TFA Mohair Pattern Ideas

Yesterday I blogged a preview of tonight’s Pop Up Shop Update and mentioned that included in the offerings is a brand new TFA base: Mohair! I haven’t named it anything more clever than that because clever names just aren’t my style apparently, but I swear you will look very clever if you knit a lovely item with our new lace weight mohair yarn. :)

Before we go any further, here are a few yarn details you might be interested in.

TFA MOHAIR, The Details:
•72% Kid Mohair, 28% Silk

• 50g (1.76oz) = 420m (459yds)

• gauge: lace weight

• needle: varies per project

• hand wash, lay flat to dry.

• $34 a skein

Since deciding to carry a mohair base I’ve been scouring Ravelry for pattern inspiration and I have some thoughts: The first is that, though lovely on it’s own, it’s far more approachable when held together with a strand of something else. Knitting with lace weight mohair can be daunting. But held with a strand of fingering weight merino and suddenly you’re knitting a dk weight sweater with the world’s most heavenly halo ever and that’s totally doable. I’ve done this in the past and am currently working on a sweater holding PureWash Fingering together with a strand of lace weight mohair and it is pure heaven. You can use this approach for just about any pattern really. I have found that adding a strand of mohair tends to increase my gauge by 1 level, so fingering weight becomes dk, dk becomes worsted, worsted becomes aran… you get the idea.

Elton  by Joji Locatelli,  Cumulus Blouse  by PetiteKnit,  Soirée  by Emily Foden   Cedar Point  by Espace Tricot,  Rainbow Solo  by Lene Holme Samsøe,  Iskald  by Caitlin Hunter   No Frills Sweater  by PetiteKnit,  Amali Sweater  by Marion Em Knits,  Tutu Top  by Lisa Chemery

Elton by Joji Locatelli, Cumulus Blouse by PetiteKnit, Soirée by Emily Foden

Cedar Point by Espace Tricot, Rainbow Solo by Lene Holme Samsøe, Iskald by Caitlin Hunter

No Frills Sweater by PetiteKnit, Amali Sweater by Marion Em Knits, Tutu Top by Lisa Chemery

There are a few designers who have loads of patterns that specifically call for this double strand technique, Petite Knits is well known for it. I’m currently knitting her No Frills sweater and it is life changing! I’d also be remiss if I didn’t mention Espace Tricot who have been adding a strand of mohair to so many different projects over the years I’ve lost count! A simple hat knit with a strand of mohair and merino feels so elevated. When picking colours to pair together in this style you can’t go wrong with tonal shades. I would probably advise against anything too high contrast as you’ll get a marled affect on top of the added halo and it could end up looking quite busy. It doesn’t have to be an exact match, but I find the look really successful when the colours paired give the halo without too much marling. Make sense?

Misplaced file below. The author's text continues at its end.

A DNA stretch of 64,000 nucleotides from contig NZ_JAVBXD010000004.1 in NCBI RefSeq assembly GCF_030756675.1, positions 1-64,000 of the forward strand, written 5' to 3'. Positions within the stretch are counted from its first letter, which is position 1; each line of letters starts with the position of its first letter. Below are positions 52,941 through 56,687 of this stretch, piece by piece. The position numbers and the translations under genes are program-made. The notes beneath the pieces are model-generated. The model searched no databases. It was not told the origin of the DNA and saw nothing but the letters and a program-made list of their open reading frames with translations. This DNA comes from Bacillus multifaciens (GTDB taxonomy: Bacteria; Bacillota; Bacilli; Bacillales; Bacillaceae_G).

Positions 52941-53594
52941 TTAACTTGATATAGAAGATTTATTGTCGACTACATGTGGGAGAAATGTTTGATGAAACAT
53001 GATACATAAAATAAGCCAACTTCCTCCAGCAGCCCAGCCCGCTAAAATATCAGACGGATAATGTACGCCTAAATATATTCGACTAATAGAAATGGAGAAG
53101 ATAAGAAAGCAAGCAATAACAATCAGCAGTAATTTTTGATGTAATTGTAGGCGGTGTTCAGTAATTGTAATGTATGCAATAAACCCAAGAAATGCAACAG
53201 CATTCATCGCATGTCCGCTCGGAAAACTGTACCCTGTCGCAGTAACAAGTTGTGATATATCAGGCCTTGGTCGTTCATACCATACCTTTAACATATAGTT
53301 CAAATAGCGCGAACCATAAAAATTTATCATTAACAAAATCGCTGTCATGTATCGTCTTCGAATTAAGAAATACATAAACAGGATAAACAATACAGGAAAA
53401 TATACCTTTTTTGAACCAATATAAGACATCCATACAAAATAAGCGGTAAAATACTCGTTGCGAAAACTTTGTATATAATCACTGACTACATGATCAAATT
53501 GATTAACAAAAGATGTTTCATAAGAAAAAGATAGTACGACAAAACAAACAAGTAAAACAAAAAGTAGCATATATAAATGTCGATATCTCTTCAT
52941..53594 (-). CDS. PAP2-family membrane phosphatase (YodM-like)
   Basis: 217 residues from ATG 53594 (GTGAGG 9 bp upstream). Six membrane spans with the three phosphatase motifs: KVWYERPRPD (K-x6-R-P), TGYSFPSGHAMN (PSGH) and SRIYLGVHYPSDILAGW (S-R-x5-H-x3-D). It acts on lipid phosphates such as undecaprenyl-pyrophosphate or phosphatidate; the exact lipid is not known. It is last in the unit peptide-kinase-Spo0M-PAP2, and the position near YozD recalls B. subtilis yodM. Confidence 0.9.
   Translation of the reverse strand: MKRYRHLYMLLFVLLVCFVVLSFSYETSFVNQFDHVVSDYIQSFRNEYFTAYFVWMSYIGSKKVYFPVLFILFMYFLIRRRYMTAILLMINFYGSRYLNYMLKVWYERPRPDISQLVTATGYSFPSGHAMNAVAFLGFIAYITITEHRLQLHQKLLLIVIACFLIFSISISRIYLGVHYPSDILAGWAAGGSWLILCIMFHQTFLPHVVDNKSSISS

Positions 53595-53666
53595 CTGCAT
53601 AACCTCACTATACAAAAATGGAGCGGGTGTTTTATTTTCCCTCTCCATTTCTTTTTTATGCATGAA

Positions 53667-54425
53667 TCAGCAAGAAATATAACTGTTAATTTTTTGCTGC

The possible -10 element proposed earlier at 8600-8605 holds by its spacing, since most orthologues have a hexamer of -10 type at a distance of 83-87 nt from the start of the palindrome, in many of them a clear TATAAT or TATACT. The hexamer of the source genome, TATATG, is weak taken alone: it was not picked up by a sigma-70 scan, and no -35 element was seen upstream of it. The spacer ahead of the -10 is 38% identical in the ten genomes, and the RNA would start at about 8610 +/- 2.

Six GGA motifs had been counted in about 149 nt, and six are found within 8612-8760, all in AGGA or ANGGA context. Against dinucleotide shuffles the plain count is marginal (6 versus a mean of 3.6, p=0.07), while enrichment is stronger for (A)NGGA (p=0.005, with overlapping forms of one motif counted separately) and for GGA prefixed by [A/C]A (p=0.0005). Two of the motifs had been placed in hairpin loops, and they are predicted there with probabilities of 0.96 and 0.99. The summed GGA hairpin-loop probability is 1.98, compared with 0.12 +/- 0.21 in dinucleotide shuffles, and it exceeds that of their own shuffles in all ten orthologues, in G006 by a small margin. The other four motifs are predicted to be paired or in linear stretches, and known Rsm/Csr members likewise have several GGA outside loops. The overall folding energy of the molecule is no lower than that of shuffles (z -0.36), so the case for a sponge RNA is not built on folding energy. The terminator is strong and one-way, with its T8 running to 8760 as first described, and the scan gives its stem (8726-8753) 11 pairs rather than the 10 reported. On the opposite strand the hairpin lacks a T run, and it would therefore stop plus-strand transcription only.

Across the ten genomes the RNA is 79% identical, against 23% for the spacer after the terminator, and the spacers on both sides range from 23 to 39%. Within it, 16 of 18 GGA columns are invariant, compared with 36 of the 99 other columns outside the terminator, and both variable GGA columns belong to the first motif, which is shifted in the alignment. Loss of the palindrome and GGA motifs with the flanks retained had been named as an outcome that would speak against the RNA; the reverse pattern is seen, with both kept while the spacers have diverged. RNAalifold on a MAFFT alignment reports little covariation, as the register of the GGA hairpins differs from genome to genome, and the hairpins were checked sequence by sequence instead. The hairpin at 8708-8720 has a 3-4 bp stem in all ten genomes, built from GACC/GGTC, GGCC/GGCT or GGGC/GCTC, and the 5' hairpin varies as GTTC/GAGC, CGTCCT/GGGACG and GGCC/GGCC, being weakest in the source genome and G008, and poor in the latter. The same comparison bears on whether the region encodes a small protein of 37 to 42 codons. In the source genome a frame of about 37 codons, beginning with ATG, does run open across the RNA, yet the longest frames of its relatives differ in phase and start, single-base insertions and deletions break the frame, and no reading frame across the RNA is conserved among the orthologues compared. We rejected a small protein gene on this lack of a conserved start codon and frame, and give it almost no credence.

The other approach to mohair garments that I love to see is when it’s worked in stripes with a heavier weight yarn like in Joji Locatelli’s Elton cardigan. It’s a beautifully striking look. But then again, used all on it’s own in the world’s lightest, airiest garment and is incredibly dreamy, as long as you’ve got the stamina for a lace weight garment! Lastly, this version of the Rainbow Solo sweater (above centre) isn’t on Ravelry but I am crazy about it and it may very well inspire my next mohair sweater project!

How about some mohair neck-wear?

Truffula Tuft  by Webster Street Knittery,  Birds of a Feather  by Andrea Mowry,  Cheri Chevron Shawl  by Ambah O'Brien   Chevron Cloud  by Espace Tricot,  Welted Cowl  by Jane Richmond,  Seascape Stole  by Kieran Foley   Belu  by Camille Descoteaux,  Willow  by Nancy Marchant,  Baseline  by Beata Jezek

Truffula Tuft by Webster Street Knittery, Birds of a Feather by Andrea Mowry, Cheri Chevron Shawl by Ambah O'Brien

Chevron Cloud by Espace Tricot, Welted Cowl by Jane Richmond, Seascape Stole by Kieran Foley

Belu by Camille Descoteaux, Willow by Nancy Marchant, Baseline by Beata Jezek

Shawls, scarves and cowls are obvious choices for some mohair glam because who wouldn’t want to cozy up with super soft fabric around their neck? Chevrons seem to be big and so is the striping a fingering weight with a lace weight mohair trend. The juxtaposition of light and airy lace with the denser merino fingering is so appealing.

So, basically, you can’t go wrong! I am no expert on mohair, I’ve only just started experimenting with it more seriously, but I’m happy to see it’s made a comeback. My mom is a lifelong mohair fan and I’m excited to see what she knits with it. What would you knit with TFA mohair?